Yes, I refuse to use

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Come in

Come in, originally uploaded by anyjazz65.

Crowell, Texas is actually a thriving small town over near the panhandle on state highway 70. This abandoned building is not typical of the town as so often is the case in Oklahoma and Texas.

The trusty camera got a few shots of this and a couple other buildings on the same street while passing through there on a trip in the southeast corner of New Mexico trip last year.

This tiny tintype portrait was found in a drawer in Purcell, Oklahoma and seemed a bit haunting. The vacant but knowing expression and the piercing eyes melt into a memory easily.

The building has a haunting quality too, so it was no stretch to put them together. It was a bit of level adjustment, a few layers, colors and some freehand shading. Now the building is occupied.

Is my hair on straight?,
originally uploaded by anyjazz65.

Apartment Crowell, TX,

originally uploaded by Seth Gaines.

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Bookshelf Auto-biography

Some time ago it struck me (ideas are seldom subtle discoveries for me) that a bookshelf or two tells a lot about a person; a mini-biography, a little portrait on the self.

People treat books in various manners.

There are a precious few who have no books around the home. They read only those they co-own with the public library system. The only thing we know about this group of people is that they are not ordinary.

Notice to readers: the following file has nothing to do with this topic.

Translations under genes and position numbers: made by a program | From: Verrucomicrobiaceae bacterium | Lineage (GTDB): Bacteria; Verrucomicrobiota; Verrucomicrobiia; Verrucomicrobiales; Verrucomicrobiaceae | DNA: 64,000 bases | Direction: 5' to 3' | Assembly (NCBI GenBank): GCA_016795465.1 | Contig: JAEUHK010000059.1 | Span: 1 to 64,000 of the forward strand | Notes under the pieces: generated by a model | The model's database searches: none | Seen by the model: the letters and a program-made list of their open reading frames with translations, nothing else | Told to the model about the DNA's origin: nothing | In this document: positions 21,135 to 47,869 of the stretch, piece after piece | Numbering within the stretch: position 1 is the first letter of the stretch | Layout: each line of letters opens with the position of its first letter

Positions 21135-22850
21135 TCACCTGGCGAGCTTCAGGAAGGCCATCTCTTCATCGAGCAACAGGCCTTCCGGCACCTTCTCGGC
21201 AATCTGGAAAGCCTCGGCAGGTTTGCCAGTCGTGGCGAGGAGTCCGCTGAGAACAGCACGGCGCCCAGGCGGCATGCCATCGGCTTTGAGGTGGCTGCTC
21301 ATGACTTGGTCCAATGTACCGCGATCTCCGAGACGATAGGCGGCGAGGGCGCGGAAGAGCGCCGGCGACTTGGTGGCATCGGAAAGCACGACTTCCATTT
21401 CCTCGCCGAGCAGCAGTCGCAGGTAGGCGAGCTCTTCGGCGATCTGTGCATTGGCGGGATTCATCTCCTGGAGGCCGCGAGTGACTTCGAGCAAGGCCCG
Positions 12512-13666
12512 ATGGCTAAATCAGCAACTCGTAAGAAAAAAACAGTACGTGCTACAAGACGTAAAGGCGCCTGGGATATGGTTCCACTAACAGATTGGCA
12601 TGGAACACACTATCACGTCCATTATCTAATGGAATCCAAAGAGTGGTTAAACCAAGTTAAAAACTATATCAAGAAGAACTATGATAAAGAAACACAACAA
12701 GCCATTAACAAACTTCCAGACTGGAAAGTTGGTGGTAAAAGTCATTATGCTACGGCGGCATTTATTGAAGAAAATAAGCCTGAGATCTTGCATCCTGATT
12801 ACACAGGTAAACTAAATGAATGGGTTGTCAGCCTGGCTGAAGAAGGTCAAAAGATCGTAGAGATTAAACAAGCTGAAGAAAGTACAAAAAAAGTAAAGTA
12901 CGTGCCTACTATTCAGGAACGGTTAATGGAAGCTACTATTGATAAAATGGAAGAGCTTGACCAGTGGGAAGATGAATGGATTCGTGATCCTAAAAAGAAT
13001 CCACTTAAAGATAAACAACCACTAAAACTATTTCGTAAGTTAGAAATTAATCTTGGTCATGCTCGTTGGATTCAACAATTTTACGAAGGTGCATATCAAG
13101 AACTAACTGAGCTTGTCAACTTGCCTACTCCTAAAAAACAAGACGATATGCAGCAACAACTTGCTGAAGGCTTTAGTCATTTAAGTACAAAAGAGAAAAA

The bulk of us keep all the books we have ever read, all the books we intend to read or all the books that have been given to us (often by the extraordinary people in the first group.) and have no intention of reading, ever. Those books are in shellacked shelves, in shopworn shoeboxes behind the wardrobe shoe-racks, in supermarket sacks in the cellar and in stashes under the sofa minded by well-read but senile dust bunnies.

Bookshelf Auto-biography
Bookshelf Auto-biography
originally uploaded by anyjazz65

originally uploaded bysoozika

There is a third group of readers who retain only the books that the felt were the best; the most moving, meaningful and memorial, to be memorized through continued future perusals.

Most people have at least an armload of books on a shelf somewhere. These tell a lot about a person perhaps.

So here are a few bookshelf biographies that I have found lately. The only criterion for these photographs is that one must be able to read the titles on the spines.

opie jeanne has several shots of her bookshelf but I liked these two.

originally uploaded by opie_jeanne.

IMG_8881, originally uploaded by opie_jeanne.

And ed ed had several photographs of books so I picked three.

the snowman's bookshelf,
originally uploaded by ed ed.

food and drink,
originally uploaded by ed ed.

originally uploaded by ed ed.

Books piling up, originally uploaded by mafleen.